Ukrainian President Petro Poroshenko called upon his coalition allies in the country to support plans for a constitutional change that he hopes would end the separatist conflict raging in the east.
Poroshenko used a flag-raising ceremony in Kyiv on the eve of Ukraine’s Independence Day to call on all political parties to overcome their doubts and vote in favor of constitutional amendments that would grant special status to separatist-minded parts of eastern Ukraine.
"My direct call to all political forces, in the first instance to those who are together in the parliamentary coalition, is to come together now for the sake of Ukraine," he said.
The proposed amendments, which have split Ukraine lawmakers, are scheduled to receive a first vote in parliament on August 31. The proposal would need 226 votes to garner a second reading.
Several coalition allies are under pressure -- particularly from militant paramilitary groups that oppose giving any ground to Russian-backed separatists.
Security is tight in Kyiv for Monday's Independence Day festivities, which include a march by soldiers serving on the front line.
Poroshenko is also to meet with German Chancellor Angela Merkel and French President Francois Hollande to discuss measures taken since a cease-fire agreement was reached in Minsk, Belarus, earlier this year.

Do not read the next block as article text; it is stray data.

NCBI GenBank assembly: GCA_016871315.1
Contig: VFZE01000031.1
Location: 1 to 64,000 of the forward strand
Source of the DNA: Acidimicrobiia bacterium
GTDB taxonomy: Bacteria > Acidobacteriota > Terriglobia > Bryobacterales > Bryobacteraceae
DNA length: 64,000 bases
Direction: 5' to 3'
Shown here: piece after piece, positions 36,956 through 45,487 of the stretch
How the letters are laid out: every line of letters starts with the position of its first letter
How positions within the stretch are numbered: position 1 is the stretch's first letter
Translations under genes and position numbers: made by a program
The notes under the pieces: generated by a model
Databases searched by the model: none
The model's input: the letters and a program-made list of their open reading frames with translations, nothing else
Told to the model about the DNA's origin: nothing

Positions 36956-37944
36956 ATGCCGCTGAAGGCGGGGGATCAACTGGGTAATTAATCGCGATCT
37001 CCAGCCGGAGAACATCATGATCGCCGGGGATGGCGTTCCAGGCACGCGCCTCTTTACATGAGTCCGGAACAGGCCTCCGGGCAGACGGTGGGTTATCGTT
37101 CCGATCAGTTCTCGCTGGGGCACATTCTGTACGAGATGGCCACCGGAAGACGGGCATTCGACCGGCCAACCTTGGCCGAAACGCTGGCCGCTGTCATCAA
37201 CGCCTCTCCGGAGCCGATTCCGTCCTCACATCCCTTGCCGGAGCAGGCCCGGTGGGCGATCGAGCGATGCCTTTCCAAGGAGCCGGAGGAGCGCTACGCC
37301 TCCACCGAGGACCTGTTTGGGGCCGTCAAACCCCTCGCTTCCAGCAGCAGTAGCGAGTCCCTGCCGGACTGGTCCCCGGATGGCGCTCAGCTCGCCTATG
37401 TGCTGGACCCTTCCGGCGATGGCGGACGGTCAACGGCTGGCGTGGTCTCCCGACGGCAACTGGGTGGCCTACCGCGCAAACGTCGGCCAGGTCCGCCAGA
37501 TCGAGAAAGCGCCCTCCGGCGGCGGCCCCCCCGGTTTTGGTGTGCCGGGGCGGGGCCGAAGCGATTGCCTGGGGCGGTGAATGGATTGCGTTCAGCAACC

More than 6,500 people, including hundreds of civilians, have been killed in the conflict.
Pro-Russian rebels took up arms in the east after Russia annexed Crimea in March 2014 in response to the overthrow of a pro-Moscow president in Kyiv by street protests a month earlier.
While both sides have withdrawn large numbers of heavy weapons from the conflict zone, in line with the Minsk agreement, sporadic clashes still occur.
In the past 24 hours, one Ukrainian soldier was killed and four others were wounded in fighting west of the rebel-held city of Donetsk, a Kyiv military spokesman said Sunday.
Both sides regularly blame each other for the cease-fire violations.
Kyiv and Western governments, which have imposed sanctions on Russia, say there is irrefutable evidence of Russian involvement in the separatist resistance. Moscow denies it is providing men or arms.
RFE/RL contributed to this report. Some material for this report came from Reuters.